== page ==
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What Is Financial Wellbeing?

Posted by Scott Millar, Financial Planner

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Financial wellbeing is how people feel about the control they have over their money. It's about achieving a sense of security, feeling that you are in charge of your day-to-day finances, and having enough money to make a choice about the life you live.

The two key aspects of financial wellbeing are having financial security, both now and in the future and understanding what makes you happy, and setting money goals to achieve that happiness.

Having a sense of control over your finances and being in a comfortable financial position means one thing less to worry about.

Identifying what makes you happy, and keeping this in mind, will help you improve your financial wellbeing over the long term.

Financial wellbeing isn’t about how much money you have

A study from Aegon recently revealed that earning more money doesn’t make people worry less.

More than 1 in 3 top earners worry about money

The same survey also found that having a strong vision of your future self is likely to have a direct bearing on your debt-to-income ratio. This may be because having an established goal that will make you happy means you’re more likely to manage your debt better.

Key takeaway

Great financial planning is about you, your family and your life goals and should increase your overall sense of wellbeing.

Our planning process helps us identify the goals and responsibilities that are important to you. Together, we’ll create a plan to bring your ideas to life. To achieve this, we combine a relaxed and personal approach, proven processes, and forensic attention to detail.

Financial wellbeing can be broken down into five core elements

Chris Budd, author of The Financial Wellbeing Book – Creating Financial Peace of Mind breaks things down in to five separate elements:

  1. A clear path to achieve identifiable objectives
  2. Control of daily finances
  3. The ability to cope with financial shock
  4. Financial options in life
  5. Clarity and security for those we leave behind.

Let’s look at them in turn.

A clear path to achieve identifiable objectives

Work out what makes you happy and how to achieve that happiness. People don’t necessarily derive happiness from the amount of money they have to spend.

Research has shown that only 38% of people have considered in detail what makes them happy or gives value to their life.

Have you considered what brings you happiness or purpose?

Age group

% of people who have given “a lot of” or “quite a lot” of thought to this question

65 – 74

35%

55 – 64

42%

45 – 54

36%

Source: Aegon

Wealthier people are more likely to think about what brings them joy and purpose

Happy people spend their lives doing two types of activity:

  • Joyful activities – things you enjoy doing or which you find relaxing. Playing a sport or eating out with friends
  • Purposeful activities – things that engage you or provide a useful purpose. Volunteering in the community, caring for others, or applying your DIY skills.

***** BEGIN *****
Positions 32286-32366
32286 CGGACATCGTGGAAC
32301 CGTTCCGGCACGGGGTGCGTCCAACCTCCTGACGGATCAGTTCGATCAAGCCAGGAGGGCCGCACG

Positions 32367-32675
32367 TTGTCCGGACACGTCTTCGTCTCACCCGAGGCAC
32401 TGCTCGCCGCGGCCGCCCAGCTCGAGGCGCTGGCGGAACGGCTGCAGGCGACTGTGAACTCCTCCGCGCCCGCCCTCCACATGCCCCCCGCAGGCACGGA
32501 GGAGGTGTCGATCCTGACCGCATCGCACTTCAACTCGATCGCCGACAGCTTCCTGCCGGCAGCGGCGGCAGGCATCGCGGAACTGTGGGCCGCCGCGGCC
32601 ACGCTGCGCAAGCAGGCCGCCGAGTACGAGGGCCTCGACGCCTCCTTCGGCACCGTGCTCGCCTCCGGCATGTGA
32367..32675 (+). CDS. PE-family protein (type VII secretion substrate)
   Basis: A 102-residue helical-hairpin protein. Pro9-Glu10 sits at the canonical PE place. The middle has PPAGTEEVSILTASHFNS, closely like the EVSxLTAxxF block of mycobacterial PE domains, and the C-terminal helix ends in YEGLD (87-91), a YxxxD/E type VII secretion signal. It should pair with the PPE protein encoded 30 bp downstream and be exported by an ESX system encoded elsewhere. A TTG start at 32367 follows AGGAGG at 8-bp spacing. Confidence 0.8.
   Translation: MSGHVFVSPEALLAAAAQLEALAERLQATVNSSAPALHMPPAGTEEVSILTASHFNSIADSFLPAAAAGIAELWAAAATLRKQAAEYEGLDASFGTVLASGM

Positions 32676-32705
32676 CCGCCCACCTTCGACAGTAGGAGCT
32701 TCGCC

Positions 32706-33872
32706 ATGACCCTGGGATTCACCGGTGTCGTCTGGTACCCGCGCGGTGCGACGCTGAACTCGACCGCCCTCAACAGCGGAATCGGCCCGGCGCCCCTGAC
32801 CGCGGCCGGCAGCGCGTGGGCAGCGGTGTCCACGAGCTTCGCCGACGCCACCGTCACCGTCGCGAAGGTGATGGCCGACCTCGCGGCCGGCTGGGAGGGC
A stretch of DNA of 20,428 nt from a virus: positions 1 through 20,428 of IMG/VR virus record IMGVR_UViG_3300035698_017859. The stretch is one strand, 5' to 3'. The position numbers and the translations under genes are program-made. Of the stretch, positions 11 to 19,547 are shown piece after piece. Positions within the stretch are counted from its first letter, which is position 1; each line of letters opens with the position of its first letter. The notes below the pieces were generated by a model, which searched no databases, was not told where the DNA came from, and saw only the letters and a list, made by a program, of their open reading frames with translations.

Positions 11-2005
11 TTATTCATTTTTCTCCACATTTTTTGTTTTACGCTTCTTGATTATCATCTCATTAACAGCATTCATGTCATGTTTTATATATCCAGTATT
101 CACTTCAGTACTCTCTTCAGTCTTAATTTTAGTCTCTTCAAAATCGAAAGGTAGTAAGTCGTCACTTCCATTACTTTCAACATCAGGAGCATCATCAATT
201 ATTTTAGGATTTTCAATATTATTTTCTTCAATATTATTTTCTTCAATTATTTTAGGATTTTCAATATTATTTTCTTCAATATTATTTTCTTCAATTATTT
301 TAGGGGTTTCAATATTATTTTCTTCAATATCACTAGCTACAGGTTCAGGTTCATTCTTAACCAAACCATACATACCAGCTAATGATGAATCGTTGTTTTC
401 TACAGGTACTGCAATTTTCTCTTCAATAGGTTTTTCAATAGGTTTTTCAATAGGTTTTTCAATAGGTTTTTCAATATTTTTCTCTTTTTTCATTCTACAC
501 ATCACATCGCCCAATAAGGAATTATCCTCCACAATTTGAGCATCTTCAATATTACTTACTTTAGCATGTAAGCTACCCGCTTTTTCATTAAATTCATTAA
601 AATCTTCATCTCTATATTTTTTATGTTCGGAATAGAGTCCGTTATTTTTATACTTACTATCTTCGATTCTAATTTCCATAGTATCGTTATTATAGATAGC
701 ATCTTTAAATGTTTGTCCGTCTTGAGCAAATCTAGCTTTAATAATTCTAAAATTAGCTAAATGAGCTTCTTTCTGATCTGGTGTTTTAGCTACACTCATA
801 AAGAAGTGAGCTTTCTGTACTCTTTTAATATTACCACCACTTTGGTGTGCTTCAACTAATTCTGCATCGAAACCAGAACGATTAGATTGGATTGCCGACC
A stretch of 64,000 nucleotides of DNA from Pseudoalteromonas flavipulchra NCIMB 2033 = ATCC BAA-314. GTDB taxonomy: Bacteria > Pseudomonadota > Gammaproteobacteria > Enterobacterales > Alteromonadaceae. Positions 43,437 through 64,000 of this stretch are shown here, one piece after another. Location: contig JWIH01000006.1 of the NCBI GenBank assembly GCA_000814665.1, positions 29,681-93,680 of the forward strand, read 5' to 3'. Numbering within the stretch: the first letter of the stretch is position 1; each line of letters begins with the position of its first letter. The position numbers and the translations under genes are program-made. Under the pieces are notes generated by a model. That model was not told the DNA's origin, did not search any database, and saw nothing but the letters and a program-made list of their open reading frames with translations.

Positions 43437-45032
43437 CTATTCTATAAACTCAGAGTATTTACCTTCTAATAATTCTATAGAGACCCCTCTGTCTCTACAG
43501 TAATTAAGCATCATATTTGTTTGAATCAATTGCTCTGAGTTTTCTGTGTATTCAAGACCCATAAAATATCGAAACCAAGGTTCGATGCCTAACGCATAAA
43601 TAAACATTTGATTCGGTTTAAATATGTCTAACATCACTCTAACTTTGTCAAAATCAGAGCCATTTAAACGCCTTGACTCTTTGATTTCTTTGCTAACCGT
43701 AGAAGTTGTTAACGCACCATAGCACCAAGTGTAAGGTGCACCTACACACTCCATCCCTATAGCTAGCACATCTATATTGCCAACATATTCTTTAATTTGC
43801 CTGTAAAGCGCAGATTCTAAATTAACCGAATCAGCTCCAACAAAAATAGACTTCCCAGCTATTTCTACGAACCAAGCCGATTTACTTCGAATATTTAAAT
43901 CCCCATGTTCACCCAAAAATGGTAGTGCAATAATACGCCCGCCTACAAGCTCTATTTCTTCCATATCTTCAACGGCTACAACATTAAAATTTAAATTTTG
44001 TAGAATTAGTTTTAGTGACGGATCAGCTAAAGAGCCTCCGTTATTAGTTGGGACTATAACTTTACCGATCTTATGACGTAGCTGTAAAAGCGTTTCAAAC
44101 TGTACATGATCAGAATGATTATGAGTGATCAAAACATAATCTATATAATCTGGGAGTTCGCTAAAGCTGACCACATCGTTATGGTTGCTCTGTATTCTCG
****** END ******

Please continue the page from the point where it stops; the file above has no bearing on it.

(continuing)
Joy = instant hits of happiness

Purpose = meaningful activities

Watching team sport

Volunteer work

Socialising with friends

Mending a broken shelf

Travelling

Raising children

Balance is important. If you know you spend more time on things that fall into the purpose camp, and not enough on the joyful stuff, consider how you could make a shift and rebalance to even things up.

Knowing your life goals and what you want in the future can help you save for them and create a financial plan that invests in your future self and financial wellbeing.

Key takeaway

Lifestyle financial planning links the financial plan and investments with your personal ambitions.

Being the richest person in the graveyard is pointless, so we encourage you to enjoy the time you have on this earth.

For many of us, life consists of priorities, difficult choices and considered compromises. Our decisions often end up being a trade-off between several competing demands. Our job is about helping you consider the big issues in a way that helps you identify what matters most to you.

Control of daily finances

Know what you have coming in and going out. This covers the essentials like your mortgage or rent, bills and paying for food.

But setting aside money for the things that make you happy is important too.

An awareness of when and where you're spending can help you keep things under control. Being conscious of your income and outgoings can also help you identify areas where there's a potential to save.

40% of people have less than £100 to spend at the end of the month

No matter what income you have, people worry about money. Rather than always striving for "more", focus on what makes you happy over the long term. This positive mindset can help ease those worries.

Anthony Villis, Managing Director at First Wealth, has been a financial adviser for twenty-five years and knows from experience that money does not make you happy.

“I have worked with clients in the past with oodles of cash who are constantly downbeat and miserable and worry about every aspect of their lives,” he says, “and I know many people who have very little in terms of financial assets but live incredibly joyful, happy and enriched lives.”

Key takeaway

A lot of us fall into the trap of thinking that success will automatically result in happiness, or that they’re the same thing. But it won’t, and they’re not.

Chasing success can be exhausting, frustrating and even detrimental to your health. And many ambitious people forget to keep in mind what success looks like, or even define it properly in the first place, and end up burnt out.

The ability to cope with financial shock

Have an emergency rainy day fund, ideally a minimum of three to six months’ income, in an easy-access savings account.

We've all experienced the shock of an unexpected bill. Something you didn't see coming, like a problem with your house that isn't covered by insurance. Or something you couldn't account for, like unexpectedly losing your job.